Housebuilding activity expanded at its slowest pace for six months, as suppliers battled material shortages and a weak exchange rate.
UK construction companies recorded a sustained expansion of overall business activity in February, however housebuilding increased at the slowest pace for six months. The latest Markit/CIPS UK Construction PMI revealed a further solid expansion of employment numbers, despite a slowdown in new business growth to its weakest for four months.
“Housing was singled out as a drag with its weakest performance for six months,” said Duncan Brock, Director of Customer Relationships at the Chartered Institute of Procurement & Supply. “As a previous driver of growth, there will be concerns about this softening of housebuilding activity. The drop in sub-contractor availability was the largest seen since January 2016, against a backdrop of rising employment numbers across the construction sector, which will add to worries around labour market capacity as we move along the path to Brexit.
Meanwhile, intense cost inflation persisted in February, which was overwhelmingly linked to higher prices for imported materials. ““Suppliers were challenged this month as they groaned under the weight of higher demand and some material shortages, with the sharpest drop in performance since June 2015,” said Brook. “This impacted on the sector’s overall pace of activity, as delivery times lengthened for bricks, blocks and roofing tiles.”
At 52.5 in February, up slightly from 52.2 in January, the seasonally adjusted Markit/CIPS UK Construction Purchasing Managers’ Index registered above the neutral 50.0 threshold for the sixth consecutive month. However, the rate of output growth remained weaker than its post- referendum peak (54.2 in December 2016) and subdued in comparison to the trends seen over the past three-and-a-half years.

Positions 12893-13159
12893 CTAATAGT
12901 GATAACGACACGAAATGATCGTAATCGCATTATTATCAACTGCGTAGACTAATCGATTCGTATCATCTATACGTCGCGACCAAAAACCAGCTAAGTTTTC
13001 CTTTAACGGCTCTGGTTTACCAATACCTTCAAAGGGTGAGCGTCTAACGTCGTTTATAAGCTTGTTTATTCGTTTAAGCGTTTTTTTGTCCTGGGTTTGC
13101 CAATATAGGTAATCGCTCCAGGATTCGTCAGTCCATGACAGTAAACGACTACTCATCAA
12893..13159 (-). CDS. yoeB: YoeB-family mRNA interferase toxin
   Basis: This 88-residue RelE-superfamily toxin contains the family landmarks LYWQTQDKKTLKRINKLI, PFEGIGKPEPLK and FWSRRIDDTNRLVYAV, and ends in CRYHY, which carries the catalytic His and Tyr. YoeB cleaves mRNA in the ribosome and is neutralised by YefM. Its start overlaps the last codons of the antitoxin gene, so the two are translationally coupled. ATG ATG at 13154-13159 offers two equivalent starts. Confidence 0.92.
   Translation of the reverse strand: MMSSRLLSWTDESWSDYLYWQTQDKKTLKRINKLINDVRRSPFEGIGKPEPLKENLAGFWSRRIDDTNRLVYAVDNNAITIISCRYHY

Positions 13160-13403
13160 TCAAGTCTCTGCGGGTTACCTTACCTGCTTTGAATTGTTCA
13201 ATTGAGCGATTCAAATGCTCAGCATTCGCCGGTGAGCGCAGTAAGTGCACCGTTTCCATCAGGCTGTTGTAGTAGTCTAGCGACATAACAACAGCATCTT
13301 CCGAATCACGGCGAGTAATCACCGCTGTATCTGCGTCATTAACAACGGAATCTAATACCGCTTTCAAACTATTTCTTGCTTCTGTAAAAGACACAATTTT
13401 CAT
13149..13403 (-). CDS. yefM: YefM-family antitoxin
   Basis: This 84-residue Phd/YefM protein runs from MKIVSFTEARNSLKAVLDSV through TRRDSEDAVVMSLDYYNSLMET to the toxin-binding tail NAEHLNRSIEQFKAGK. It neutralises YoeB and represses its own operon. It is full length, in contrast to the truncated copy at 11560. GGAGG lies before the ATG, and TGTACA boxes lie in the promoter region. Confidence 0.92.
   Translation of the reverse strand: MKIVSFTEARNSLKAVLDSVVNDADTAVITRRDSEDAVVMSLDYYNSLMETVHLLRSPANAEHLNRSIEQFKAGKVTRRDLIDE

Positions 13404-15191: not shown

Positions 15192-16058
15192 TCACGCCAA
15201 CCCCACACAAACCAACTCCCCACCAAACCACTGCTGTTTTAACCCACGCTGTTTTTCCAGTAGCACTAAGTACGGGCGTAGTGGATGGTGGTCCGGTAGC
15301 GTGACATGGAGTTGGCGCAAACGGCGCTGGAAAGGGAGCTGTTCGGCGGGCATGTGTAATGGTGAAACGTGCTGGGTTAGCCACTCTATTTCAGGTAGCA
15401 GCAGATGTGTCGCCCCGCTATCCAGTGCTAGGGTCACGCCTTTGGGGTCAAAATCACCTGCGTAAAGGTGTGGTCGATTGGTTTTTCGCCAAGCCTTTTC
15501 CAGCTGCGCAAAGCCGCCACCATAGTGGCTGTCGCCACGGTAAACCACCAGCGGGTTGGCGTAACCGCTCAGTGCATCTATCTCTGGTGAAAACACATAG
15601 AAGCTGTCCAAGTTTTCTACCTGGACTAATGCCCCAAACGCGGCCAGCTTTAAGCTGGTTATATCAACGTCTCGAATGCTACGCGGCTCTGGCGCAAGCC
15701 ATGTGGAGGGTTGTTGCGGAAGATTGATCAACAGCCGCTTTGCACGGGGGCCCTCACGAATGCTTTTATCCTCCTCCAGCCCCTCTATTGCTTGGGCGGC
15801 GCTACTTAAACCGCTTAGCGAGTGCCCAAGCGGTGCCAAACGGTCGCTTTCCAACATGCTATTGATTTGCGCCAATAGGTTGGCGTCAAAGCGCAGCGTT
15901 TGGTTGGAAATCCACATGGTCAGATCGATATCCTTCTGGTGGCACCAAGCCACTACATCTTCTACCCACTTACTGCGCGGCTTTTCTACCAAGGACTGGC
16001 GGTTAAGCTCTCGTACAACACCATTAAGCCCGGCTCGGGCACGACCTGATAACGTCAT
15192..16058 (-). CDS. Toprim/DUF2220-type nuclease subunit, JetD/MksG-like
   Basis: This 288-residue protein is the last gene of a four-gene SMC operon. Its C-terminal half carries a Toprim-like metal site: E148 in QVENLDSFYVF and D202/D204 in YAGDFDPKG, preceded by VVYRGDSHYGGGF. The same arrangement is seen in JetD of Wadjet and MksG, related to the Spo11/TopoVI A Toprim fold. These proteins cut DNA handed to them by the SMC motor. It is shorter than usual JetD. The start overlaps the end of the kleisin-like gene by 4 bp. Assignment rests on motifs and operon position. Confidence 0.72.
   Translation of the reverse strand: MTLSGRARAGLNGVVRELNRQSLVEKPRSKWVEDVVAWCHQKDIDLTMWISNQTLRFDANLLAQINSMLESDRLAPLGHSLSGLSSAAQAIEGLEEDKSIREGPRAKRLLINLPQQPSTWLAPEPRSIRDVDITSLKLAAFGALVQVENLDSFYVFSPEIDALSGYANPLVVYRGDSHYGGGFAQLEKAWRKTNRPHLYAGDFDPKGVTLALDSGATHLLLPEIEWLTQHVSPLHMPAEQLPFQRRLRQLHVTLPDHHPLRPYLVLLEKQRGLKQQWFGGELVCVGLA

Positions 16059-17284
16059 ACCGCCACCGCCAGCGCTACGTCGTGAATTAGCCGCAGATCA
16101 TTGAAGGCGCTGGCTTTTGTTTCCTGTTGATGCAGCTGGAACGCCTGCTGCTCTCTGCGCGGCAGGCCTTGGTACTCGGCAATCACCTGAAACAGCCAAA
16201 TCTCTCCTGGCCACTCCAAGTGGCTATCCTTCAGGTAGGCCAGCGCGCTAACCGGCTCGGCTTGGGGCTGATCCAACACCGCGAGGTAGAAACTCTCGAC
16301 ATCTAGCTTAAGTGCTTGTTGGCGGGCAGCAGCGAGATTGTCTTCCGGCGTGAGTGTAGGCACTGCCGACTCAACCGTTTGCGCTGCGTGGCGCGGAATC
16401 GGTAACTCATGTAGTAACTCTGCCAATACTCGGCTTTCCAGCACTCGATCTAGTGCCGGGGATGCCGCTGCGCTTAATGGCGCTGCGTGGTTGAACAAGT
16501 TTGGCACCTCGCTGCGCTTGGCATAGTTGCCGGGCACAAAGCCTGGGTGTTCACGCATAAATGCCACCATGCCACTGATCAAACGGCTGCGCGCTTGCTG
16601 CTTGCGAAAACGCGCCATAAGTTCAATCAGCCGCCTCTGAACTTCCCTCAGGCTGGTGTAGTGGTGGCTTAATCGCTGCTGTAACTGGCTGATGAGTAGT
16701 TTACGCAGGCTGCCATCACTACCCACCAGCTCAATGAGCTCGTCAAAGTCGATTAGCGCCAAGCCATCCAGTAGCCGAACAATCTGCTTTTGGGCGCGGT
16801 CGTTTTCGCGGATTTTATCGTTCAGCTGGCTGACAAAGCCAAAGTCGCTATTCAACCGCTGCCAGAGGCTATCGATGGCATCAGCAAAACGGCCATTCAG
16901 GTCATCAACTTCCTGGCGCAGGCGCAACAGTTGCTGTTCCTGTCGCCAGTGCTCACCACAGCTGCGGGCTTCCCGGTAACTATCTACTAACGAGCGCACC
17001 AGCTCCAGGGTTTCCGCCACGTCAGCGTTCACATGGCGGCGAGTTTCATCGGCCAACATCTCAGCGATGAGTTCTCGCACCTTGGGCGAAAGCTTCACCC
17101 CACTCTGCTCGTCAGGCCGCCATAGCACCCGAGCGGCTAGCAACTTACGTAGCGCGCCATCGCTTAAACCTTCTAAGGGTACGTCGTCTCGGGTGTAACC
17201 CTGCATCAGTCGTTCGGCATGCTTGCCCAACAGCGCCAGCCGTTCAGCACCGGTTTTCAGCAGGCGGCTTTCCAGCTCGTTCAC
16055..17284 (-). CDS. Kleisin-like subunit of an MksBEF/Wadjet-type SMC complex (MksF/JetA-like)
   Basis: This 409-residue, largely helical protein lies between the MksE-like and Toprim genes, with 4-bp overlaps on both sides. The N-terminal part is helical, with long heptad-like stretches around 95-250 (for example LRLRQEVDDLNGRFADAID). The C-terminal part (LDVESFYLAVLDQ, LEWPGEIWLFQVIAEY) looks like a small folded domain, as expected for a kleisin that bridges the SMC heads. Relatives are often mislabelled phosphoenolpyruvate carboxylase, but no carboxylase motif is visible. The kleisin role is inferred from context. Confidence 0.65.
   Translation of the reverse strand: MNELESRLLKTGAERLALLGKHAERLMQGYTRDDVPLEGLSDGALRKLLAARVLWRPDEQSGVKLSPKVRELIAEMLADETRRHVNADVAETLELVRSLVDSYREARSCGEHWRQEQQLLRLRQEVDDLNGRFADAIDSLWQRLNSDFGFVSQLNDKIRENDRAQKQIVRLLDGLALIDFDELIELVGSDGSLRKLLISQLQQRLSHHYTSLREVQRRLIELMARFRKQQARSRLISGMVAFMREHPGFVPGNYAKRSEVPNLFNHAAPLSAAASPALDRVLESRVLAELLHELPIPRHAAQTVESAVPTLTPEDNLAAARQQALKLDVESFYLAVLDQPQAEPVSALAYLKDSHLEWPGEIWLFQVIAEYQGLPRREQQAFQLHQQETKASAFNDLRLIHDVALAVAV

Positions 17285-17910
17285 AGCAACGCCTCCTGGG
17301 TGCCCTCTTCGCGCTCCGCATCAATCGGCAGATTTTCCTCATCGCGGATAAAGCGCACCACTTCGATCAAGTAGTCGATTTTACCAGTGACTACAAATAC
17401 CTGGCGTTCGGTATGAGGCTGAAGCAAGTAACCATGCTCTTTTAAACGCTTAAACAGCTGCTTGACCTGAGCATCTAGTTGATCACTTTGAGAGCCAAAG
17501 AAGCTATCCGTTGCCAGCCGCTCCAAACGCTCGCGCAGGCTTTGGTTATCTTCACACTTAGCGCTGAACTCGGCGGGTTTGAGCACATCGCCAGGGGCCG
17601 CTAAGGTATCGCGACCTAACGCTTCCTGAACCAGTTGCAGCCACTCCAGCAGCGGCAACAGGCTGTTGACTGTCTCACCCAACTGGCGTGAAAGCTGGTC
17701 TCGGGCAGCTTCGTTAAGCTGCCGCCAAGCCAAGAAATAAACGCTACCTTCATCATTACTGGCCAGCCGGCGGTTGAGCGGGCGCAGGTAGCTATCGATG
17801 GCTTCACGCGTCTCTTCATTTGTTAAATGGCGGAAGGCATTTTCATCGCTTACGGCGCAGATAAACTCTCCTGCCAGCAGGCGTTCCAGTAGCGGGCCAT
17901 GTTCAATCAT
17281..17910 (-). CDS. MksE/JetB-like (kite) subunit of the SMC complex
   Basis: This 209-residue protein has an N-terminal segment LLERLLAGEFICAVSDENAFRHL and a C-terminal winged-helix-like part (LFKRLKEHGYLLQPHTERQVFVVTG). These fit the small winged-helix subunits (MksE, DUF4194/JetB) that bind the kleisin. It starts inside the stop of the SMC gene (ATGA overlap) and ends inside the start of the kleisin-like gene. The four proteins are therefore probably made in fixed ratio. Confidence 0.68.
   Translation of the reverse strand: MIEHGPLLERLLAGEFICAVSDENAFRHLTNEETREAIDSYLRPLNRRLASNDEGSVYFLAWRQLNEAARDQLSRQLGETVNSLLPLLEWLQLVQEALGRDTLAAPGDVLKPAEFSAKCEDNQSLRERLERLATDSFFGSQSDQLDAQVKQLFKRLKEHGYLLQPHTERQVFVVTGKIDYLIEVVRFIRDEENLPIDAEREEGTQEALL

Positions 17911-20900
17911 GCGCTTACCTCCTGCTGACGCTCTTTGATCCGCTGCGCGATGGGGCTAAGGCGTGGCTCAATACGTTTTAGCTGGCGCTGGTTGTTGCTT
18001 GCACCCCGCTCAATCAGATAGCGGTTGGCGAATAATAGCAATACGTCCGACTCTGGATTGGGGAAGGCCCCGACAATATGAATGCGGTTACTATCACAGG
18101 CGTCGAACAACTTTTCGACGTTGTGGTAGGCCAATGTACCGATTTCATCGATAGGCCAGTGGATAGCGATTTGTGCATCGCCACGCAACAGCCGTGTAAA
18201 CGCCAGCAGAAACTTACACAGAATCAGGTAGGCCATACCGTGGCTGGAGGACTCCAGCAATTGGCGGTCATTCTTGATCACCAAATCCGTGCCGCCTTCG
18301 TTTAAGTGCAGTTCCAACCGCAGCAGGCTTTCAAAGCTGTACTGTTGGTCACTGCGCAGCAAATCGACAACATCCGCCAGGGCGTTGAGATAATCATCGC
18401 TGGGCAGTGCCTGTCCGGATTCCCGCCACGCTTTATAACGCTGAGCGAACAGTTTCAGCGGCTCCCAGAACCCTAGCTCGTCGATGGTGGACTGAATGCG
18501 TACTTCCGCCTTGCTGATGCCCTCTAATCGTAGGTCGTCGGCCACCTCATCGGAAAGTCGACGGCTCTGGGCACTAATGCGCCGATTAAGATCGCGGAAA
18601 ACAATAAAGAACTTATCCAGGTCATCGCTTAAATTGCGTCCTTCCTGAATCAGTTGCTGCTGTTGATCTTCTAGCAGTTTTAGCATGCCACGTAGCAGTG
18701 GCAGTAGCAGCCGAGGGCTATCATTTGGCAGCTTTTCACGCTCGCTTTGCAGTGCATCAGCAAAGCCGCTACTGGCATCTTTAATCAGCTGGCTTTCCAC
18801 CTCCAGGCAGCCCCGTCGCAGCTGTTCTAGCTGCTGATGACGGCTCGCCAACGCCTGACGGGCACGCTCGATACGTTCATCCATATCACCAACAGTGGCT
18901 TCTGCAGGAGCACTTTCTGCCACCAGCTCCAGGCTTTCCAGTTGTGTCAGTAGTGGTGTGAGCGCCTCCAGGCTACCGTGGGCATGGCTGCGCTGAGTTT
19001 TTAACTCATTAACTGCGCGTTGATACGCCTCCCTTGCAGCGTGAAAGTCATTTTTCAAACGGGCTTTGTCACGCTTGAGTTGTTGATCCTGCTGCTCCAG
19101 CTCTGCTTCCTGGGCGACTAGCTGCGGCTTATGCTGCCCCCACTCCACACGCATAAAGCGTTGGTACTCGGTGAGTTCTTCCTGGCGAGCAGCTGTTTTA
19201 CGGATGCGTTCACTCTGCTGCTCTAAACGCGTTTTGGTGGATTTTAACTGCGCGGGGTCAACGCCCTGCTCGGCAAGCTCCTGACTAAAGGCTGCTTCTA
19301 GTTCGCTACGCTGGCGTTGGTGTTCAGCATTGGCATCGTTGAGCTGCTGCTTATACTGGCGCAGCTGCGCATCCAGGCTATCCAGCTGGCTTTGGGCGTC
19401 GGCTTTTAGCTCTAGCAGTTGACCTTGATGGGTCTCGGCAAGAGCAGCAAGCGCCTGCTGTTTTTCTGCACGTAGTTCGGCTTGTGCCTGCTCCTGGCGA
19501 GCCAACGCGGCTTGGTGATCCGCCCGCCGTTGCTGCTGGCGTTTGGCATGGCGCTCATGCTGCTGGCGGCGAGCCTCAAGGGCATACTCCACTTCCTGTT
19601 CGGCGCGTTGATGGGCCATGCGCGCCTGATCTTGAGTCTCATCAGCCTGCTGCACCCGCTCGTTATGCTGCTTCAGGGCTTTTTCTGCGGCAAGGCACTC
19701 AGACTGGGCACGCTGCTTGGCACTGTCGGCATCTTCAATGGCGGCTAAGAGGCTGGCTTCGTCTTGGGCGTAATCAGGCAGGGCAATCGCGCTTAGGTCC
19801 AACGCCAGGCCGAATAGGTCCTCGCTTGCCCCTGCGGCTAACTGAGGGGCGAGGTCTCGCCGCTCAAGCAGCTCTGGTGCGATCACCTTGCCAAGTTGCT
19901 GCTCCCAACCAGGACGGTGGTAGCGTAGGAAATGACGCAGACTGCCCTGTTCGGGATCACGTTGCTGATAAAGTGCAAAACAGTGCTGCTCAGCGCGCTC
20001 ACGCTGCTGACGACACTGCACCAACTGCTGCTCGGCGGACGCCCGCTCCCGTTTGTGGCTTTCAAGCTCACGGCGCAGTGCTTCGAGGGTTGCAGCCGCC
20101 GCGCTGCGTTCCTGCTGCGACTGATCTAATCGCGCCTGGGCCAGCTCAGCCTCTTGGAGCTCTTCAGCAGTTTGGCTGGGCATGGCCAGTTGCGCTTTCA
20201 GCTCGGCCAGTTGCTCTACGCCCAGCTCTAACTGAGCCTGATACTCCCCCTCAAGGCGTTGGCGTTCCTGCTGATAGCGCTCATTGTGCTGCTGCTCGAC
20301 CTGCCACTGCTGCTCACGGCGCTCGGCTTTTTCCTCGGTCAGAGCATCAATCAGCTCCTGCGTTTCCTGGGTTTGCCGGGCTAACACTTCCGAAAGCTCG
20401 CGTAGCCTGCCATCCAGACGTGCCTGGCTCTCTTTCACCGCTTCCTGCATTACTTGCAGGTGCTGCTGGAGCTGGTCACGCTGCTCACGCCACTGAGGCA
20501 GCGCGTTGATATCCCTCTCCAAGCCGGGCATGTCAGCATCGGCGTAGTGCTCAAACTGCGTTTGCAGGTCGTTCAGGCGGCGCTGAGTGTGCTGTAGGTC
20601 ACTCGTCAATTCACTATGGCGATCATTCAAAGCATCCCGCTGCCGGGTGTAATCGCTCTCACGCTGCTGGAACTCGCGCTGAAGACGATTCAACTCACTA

Survey respondents noted that the resilient economic backdrop and a stabilisation in client confidence since the EU referendum continued to help drive construction growth in February.
However, there were also reports that demand growth had softened so far in 2017. Reflecting this, incoming new work increased only marginally and at the slowest pace since last October. Some construction companies noted that sharply rising input costs had an adverse impact on decision-making and contributed to delays in contract completions.
February data indicated that construction companies remain upbeat about their growth prospects for the next 12 months, with almost half (48%) forecasting a rise in business activity and only 13% expecting a decline. The degree of positive sentiment was stronger than seen on average in the second half of 2016, but weaker than January’s 13-month peak.
Strong demand for housebuilding projects was cited as a key factor likely to boost construction output.
Robust business confidence contributed to sustained staff hiring across the construction sector in February. Sub-contractor demand also picked up during the latest survey period, which contributed the sharpest drop in sub-contractor availability since January 2016.
Input buying increased again in February, although the rate of expansion was only marginal. Construction companies also reported the second-fastest rise in input costs since August 2008. Survey respondents noted higher prices for a range of materials, driven by the weak sterling exchange rate against the US dollar and euro.
Tim Moore, Senior Economist at IHS Markit and author of the Markit/CIPS Construction PMI, said, “February’s survey data highlights that the UK construction sector has rebounded from its post- referendum soft patch but remains on a relatively slow growth trajectory. Weaker momentum in the housebuilding sector was a key factor weighing on construction growth, alongside a renewed fall in work commercial projects.
“February data revealed that input cost inflation remained at levels last seen in the summer of 2008. Suppliers’ efforts to pass on rising energy costs and global commodity prices have been amplified by the weak sterling exchange rate.
“But overall, the sector’s optimism was still high as workloads remained strong, propped up by the prospect of new projects and repeat business. Though the level of new orders was modest, it is the relentless and brutal rise in prices for construction materials, combined with the impact of the weaker pound, that could block the sector’s progress in the coming months.”